The outlines of this new epoch are clear in numerous ways. There is the diminished role for small business, greater concentration of financial assets, and a troubling decline in home ownership. On a cultural level, there is a general malaise about the prospect for upward mobility for future generations.
When we think about American finance, the default image is of a pinstriped banker on Wall Street. But increasingly financial services is shifting away from the traditional bastions of money.
In an analysis of recent and longer-term employment trends, we have identified the large cities –those with over 450,000 jobs – that are gaining jobs in financial services, a sector that employs 7.9 million people nationwide. Overwhelmingly, the fastest growth has been in cities not associated with high finance, but largely low-cost Sun Belt cities, which account for seven of the top 10 large metro areas on our list.
The recent political earthquake in Europe has great implications for the United States, both internationally and domestically. The unpopularity of European Union institutions produced record-breaking votes for a motley assortment of anti-establishment parties across the Continent, suggesting it’s time to stop looking across the Atlantic for role models as Europe’s dismal prospects have inspired the lowest levels of political support in several decades.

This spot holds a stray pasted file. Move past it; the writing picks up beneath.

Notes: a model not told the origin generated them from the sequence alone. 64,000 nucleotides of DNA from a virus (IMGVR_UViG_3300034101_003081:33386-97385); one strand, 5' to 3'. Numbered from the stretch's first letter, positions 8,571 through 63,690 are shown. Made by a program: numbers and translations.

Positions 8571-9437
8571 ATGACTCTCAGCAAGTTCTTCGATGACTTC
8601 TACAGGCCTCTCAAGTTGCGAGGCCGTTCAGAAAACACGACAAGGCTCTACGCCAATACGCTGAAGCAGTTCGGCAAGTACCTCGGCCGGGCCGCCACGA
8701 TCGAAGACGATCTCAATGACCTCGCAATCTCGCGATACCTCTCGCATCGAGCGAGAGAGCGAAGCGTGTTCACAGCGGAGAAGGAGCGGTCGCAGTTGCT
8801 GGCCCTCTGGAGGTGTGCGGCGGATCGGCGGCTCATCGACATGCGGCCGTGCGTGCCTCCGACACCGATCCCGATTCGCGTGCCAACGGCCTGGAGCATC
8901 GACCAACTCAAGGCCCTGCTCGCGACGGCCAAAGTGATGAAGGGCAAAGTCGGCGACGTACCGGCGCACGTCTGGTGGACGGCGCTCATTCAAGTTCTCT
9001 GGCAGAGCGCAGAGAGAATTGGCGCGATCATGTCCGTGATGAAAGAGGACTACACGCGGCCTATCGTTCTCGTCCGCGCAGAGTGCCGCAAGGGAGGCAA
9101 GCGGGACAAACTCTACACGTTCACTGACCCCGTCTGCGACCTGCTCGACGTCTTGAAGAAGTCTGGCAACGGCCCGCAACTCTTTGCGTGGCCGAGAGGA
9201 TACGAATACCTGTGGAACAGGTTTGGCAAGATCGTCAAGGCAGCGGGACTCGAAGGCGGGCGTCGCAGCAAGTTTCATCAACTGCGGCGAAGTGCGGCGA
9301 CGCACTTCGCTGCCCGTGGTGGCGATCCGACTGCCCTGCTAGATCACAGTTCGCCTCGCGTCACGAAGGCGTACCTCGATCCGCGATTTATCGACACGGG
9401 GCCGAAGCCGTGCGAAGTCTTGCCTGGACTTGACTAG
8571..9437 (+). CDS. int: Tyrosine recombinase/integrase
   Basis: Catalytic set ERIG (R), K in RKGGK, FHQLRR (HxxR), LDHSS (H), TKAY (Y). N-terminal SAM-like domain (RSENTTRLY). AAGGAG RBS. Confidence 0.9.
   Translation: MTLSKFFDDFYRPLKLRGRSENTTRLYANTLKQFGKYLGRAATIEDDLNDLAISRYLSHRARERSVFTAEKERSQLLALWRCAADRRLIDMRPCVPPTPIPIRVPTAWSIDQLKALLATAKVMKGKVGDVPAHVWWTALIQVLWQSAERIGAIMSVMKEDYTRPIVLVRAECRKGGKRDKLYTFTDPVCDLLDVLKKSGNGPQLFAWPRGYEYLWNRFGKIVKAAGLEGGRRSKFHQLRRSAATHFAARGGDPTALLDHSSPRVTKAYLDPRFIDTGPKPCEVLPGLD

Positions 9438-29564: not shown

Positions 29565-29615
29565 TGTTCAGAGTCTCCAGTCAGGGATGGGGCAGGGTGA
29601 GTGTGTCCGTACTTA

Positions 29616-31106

David Peebles works in a glass tower across from Houston’s Galleria mall, a cathedral of consumption, but his attention is focused on the city’s highly industrialized ship channel 30 miles away. “Houston is the Chicago of this era,” says Peebles, who runs the Texas office of Odebrecht, a $45 billion engineering firm based in Brazil. “In the sixties you had to go to Chicago, Cleveland and Detroit. Now Houston is the place for new industry.”